We’re now a few months since PHP 7 came out, and if you’ve been following what’s going on in the PHP world, things are looking pretty exciting!
First, InfoWorld gave PHP 7 the 2016 Technology of the Year Award, which is quite remarkable. Remarkable is also how InfoWorld chose to describe the performance gains that are promised by PHP 7 – and I absolutely agree. Memory has never been a strong point for me – so take this with a grain of salt, but I believe it’s the first time InfoWorld is bestowing that honor on PHP. We’ll take it!
However, those of you with at least some experience in the tech world know that whenever performance is on the table, talking the talk is one thing, walking the walk is another matter entirely. It tends to be somewhat like promotions you see in stores – “Up to 40% off” is typically another way of saying “we guarantee you’re going to pay at least 60% of the list price, but more likely, it’ll be close to 100%.” With benchmarks, “Up to 2x faster,” typically means “it’s a bit faster, and we managed to find one synthetic benchmark that nobody would ever use in the real world that runs twice as fast.”
Not so with PHP 7!
As more and more people are trying PHP 7 out, we’re seeing more and more evidence that the promise of 2x performance is being realized, big time. Most recently, Badoo published an article detailing their experience migrating for PHP 5.6 to 7.0 – which allowed them to literally spin down half of their servers, and still see better end user experience compared to what they had before:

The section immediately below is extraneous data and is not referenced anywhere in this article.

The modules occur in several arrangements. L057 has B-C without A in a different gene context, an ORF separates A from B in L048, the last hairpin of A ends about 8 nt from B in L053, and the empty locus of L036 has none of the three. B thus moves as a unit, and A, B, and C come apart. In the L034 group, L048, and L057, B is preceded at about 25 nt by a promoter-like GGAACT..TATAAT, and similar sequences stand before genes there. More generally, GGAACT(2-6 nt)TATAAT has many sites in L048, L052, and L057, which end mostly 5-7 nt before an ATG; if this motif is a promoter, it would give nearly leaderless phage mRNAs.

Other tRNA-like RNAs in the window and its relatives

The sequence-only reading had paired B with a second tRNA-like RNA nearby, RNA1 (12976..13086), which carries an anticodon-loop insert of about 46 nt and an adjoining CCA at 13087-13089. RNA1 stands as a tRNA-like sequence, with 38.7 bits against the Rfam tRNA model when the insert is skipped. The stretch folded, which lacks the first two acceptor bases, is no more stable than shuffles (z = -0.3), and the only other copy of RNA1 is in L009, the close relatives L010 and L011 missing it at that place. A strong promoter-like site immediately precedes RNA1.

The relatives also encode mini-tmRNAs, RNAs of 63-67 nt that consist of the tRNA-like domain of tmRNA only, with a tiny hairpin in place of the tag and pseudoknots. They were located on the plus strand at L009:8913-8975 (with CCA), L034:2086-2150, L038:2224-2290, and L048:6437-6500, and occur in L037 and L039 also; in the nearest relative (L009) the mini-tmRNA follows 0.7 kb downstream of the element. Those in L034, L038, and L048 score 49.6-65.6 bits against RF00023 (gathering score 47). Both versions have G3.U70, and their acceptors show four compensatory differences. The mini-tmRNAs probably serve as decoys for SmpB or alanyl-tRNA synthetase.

In addition, memory usage fell off a cliff, from ~37MB per request to around 5MB per request – or around eight times over:
They estimate that the PHP 7 upgrade in their app server cluster translated into $1M in hardware savings plus $100K in yearly hosting savings – and that’s before factoring in TCO costs, as well as savings they’ve seen in other assets they upgraded to PHP 7. It’s the real deal!
To be honest, I can’t recall anything similar in the software space. Perhaps it’s my senility kicking in again, but being able to halve your hardware after a mostly painless software upgrade – I don’t remember anything quite like that ever.
I’d like to take the opportunity to re-thank Zend’s own Dmitry Stogov, who spearheaded the development of the PHP 7 engine, and everyone else who helped – including Xinchen Hui, Nikita Popov, and others. Thanks to you, PHP is more relevant than ever – with much more to come!
Last, if you want to have an exceptionally easy way to get started with PHP 7 – the best way is with Zend Server for PHP 7 preview. Of course, it comes bundled with Z-Ray, which in addition to being an amazing feature in general, can also help you quite a bit as you port your code to work on PHP 7, pointing out any issues (including @-supressed warnings and errors). And if you want more hands-on guidance, Zend is there to help!